Prenzlauer Berg, an upscale liberal quarter in Berlin, has a Saturday market that offers fresh produce, food stalls, flowers, fish and champagne. This is not just a market to buy from also rather a place to go if you want to be seen.
For the past 18 years, Mahmoud has kept his falafel stall in a corner of the market. He is a native of Germany whose parents were Palestinians. Mahmoud does not like Jews or Israelis. He charges them a special price for his food. He also directs profanities at them and spits on them as they walk by.
One Saturday, he yelled at a Jewish passer-by: "Too bad Hitler didn't finish you off." The Germans in the market kept drinking their champagne.
When I found myself on the receiving end of the falafel seller's abuse, I went to the market manager to complain.
The man calmly explained to me that Mahmoud was a great guy with just one small problem - Jews drive him crazy. He told me that Mahmoud had once been suspended from the market for a month.
The second time Mahmoud yelled at me as I entered the market was a year ago, as attacks against Jews in Germany had reached a new peak. So I decided not to keep silent and protest against the German treatment of Jews.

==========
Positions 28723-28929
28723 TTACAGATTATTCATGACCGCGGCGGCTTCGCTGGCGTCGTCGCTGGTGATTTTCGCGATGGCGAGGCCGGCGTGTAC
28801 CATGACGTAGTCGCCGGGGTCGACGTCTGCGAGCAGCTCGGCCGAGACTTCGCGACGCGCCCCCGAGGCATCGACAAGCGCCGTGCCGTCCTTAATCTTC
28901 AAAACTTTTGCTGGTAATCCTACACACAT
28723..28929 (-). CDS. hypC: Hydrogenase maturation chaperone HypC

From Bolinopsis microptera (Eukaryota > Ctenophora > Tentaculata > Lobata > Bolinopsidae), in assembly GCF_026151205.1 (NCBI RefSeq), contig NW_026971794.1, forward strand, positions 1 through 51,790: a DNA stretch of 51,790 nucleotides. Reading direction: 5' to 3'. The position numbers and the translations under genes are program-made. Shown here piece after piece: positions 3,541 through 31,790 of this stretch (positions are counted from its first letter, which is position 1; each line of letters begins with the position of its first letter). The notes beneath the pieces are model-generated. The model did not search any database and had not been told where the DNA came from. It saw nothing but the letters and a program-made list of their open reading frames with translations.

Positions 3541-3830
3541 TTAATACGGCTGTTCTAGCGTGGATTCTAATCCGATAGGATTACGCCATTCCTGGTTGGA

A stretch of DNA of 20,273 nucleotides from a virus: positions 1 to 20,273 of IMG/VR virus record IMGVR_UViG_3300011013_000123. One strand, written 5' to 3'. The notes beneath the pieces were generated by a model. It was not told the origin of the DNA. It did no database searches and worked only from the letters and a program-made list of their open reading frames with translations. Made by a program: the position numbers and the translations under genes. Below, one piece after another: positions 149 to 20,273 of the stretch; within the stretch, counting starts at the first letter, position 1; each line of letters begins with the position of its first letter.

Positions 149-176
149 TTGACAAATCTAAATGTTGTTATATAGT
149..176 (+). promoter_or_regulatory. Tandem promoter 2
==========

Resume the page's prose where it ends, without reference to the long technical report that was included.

For 10 weeks we stood by the market carrying signs. Although we had a license to demonstrate, the police pushed us back, twice. One time I was arrested.
Four Germans shouted at me to go back home. Some wanted to engage in conversation about the terrible policies of Israel. We declined.
A few looked sympathetically at our signs, but most kept drinking their champagne.
The German press coverage of the demonstration described Palestinian and Israeli wrestlers facing each other where we poor Germans were hosting them.
But this narrative should not be believed.
Mahmoud is shouting profanities at Jews because the German government, by its silence, is allowing him to.
The Saturday market in Prenzlauer Berg is not even an extreme example of the treatment of Jews in Berlin.
Berlin's Jewish Museum director resigned after having given use of the building to BDS activists, who advocate the boycott of Israel.
Munich's Jewish Museum director hosted an exhibit calling the Negev Desert a settlement and accused the Jewish National Fund of war crimes.
Both museums are Jewish in name only and are funded by the German government.
As they abuse their titles, they use their reputation to spread hatred against Israel.
Israelis coming to Berlin are quick to understand that they must adopt a certain state of mind to be accepted into German society's mainstream.
One aspect of it is to viciously and attack Israel regardless of events.
Young Germans are tired of the inherited guilt of the Holocaust. They are so obsessed by it that they fail to understand that only by accepting their responsibility will they be rid of it.